Social inclusion/exclusion refers to the social interactions and relationships in the neighborhood context that have been shown to influence health and well-being. We hypothesize that social interactions and relationships might differ depending on a youth’s minority or majority status within a neighborhood. We want to identify if and how experiences of minority status, compared to majority status, might increase risk for negative behavioral health outcomes via their influence on social interactions and relationships in different neighborhoods.

For example, we know that social inclusion can mediate the effects of living in a depressed community. For this study, we aim to explore how feelings of social inclusion/exclusion exacerbate or mitigate behavioral health outcomes among majority and minority youth (White, Black, Latino, and Asian). We then hope to identify interventions that can increase protective factors and reducing risk factors associated with negative behavioral health in order to reduce behavioral health inequality.

Why did you decide to go with mixed-methods approach?

Based on findings from a study on which I previously worked, I was struck by the data that Puerto Ricans living in the Bronx were doing worse in terms of depression and anxiety than those living in Puerto Rico. I was perplexed that the more time people stayed in U.S. the worse they fared. We analyzed the data and found that social relationships were protective for Latinos. We also examined how discrimination left people feeling socially excluded and without a sense of belonging. Furthermore, both Asians and Latinos expressed how social position was critically important to them, but was mostly driven by social constructs, and not so much a function of education, income or occupation.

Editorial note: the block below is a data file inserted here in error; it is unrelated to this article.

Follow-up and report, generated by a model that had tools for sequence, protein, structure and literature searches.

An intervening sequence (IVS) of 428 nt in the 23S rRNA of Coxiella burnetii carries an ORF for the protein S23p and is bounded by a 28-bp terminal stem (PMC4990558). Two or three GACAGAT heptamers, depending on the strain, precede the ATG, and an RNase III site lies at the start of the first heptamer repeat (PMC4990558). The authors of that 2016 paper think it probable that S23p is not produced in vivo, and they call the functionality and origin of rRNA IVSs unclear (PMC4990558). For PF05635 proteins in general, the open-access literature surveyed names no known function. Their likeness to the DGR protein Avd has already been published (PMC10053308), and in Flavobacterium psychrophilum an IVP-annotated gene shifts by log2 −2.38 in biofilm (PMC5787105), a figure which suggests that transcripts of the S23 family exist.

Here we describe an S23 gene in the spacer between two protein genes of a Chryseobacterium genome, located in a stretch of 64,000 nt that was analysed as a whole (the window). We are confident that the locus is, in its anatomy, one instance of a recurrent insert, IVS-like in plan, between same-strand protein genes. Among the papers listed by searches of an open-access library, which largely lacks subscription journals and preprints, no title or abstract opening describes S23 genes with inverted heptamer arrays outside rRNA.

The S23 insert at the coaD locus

Kiara and I wanted to study these issues in a deeper way and to find something that captured the questions we had about place, culture, and social relationships. That’s why we decided to go with a mixed-methods study. In our mixed-methods design, qualitative research is prioritized, with quantitative data collection and analysis limited to descriptive data. We believe that this approach will allow us to identify processes and relationships between constructs that may be of relevance to other communities seeking to reduce behavioral health inequality due to racial and ethnic minority status.